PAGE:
A wagon driver has been found guilty of driving while talking on his phone after Skipton magistrates refused to accept his claim he routinely drove while resting one arm.

Christopher Bowling, 35, was followed by a traffic officer in an unmarked police BMW who had seen him on the A629 western bypass holding his phone up to his left ear, the court heard last Wednesday.

TC Mark Tiffany told the court he had turned his vehicle around, followed Bowling across the Gargrave Road roundabout and onto the A65 towards Harrogate.

He had then pulled alongside the wagon driver on the three-lane section of the road and watched him continue speaking on his phone before indicating for him to pull over.

TC Tiffany said when Bowling had seen him, he had made a sudden movement towards his dashboard before pulling into a layby.

Bowling, 35, who was driving an articulated lorry, admitted talking to his girlfriend at the time, but said that he had been using the handsfree set fitted in the cab.

Defending Bowling, Sarah Guttman said he had not been holding a phone up to his ear, but had been driving while resting one arm on an arm rest in the middle of the cab.

Bowling told the court he drove up to 15-hour shifts.

“It is a comfy way to drive,” he said. “We are doing long hauls and the armrest would not be there if it wasn’t for comfort.”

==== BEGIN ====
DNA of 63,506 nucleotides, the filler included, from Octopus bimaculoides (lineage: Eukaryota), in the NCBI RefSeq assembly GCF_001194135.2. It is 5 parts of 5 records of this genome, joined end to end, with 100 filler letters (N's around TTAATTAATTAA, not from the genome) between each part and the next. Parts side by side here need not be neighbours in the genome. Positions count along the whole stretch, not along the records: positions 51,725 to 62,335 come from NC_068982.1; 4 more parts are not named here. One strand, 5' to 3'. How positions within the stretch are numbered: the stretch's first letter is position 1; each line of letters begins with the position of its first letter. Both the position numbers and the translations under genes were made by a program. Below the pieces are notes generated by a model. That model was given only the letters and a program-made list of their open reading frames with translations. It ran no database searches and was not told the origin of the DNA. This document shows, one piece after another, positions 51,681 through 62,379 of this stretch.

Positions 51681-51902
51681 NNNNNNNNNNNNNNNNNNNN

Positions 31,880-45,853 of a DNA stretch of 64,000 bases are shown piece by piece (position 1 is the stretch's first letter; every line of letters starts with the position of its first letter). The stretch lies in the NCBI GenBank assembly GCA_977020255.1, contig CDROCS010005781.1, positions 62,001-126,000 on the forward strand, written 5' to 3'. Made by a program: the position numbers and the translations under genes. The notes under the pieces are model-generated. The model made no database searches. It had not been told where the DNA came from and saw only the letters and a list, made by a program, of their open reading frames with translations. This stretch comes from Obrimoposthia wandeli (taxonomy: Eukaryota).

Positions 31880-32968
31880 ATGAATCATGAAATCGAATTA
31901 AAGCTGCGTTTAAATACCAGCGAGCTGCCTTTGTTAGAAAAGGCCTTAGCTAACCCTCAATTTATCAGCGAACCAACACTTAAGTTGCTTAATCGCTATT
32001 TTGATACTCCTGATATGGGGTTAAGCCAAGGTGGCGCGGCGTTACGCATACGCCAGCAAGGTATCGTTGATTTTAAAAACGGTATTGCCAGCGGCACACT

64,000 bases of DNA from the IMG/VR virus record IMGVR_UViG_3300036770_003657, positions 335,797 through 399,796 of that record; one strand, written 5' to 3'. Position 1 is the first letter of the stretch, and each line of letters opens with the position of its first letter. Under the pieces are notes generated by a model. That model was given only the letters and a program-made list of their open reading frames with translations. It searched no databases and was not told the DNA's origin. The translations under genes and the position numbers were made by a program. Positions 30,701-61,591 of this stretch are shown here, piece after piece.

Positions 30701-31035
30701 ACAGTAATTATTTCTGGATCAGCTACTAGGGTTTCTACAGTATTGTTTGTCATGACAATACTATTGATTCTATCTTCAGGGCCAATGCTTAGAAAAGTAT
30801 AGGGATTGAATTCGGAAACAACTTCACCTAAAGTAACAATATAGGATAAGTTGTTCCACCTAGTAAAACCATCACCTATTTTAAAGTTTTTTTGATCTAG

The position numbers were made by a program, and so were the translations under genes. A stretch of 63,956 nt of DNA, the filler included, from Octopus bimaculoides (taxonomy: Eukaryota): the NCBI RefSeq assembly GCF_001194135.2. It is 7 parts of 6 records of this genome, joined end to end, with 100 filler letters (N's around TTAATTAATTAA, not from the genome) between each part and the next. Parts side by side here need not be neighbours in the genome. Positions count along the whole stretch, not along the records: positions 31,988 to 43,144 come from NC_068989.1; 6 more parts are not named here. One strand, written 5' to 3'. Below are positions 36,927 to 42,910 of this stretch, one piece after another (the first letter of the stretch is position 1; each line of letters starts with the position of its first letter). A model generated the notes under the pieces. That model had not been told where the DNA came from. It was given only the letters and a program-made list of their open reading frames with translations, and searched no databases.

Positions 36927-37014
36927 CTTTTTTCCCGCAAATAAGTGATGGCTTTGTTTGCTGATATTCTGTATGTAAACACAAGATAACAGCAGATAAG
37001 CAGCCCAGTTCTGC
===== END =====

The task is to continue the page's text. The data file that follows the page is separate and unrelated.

But Hilary Reece, prosecuting, suggested to Bowling that it must have been a shock to see the traffic officer pull up next to him.

She said as a professional driver, it would not look good for him to receive points on his licence and suggested that was why he was challenging what the officer had said.

But Bowling said he had denied it from the start and insisted he had been using a handsfree device.

Ms Reece said Bowling had acknowledged that his method of driving was not perfect and the officer did not have a clear view of her client as he was in a vehicle significantly lower.

Magistrates said they considered TC Tiffany’s evidence had been clear and consistent, while there were some discrepancies in the evidence of Bowling, including his belief that the police officer had come from a different direction.

They also believed it was not credible that Bowling could drive so far with one hand, particularly while negotiating a roundabout.

After finding Bowling guilty of driving while using his phone on April 30, magistrates heard he already had six points on his licence, including three for an identical offence.

Bowling, of Bankfield Road, Shipley, whom the court heard was no longer employed by the haulage firm, was fined £100 and had his licence endorsed with three penalty points.

He was also ordered to pay costs of £300 and a £15 victims surcharge.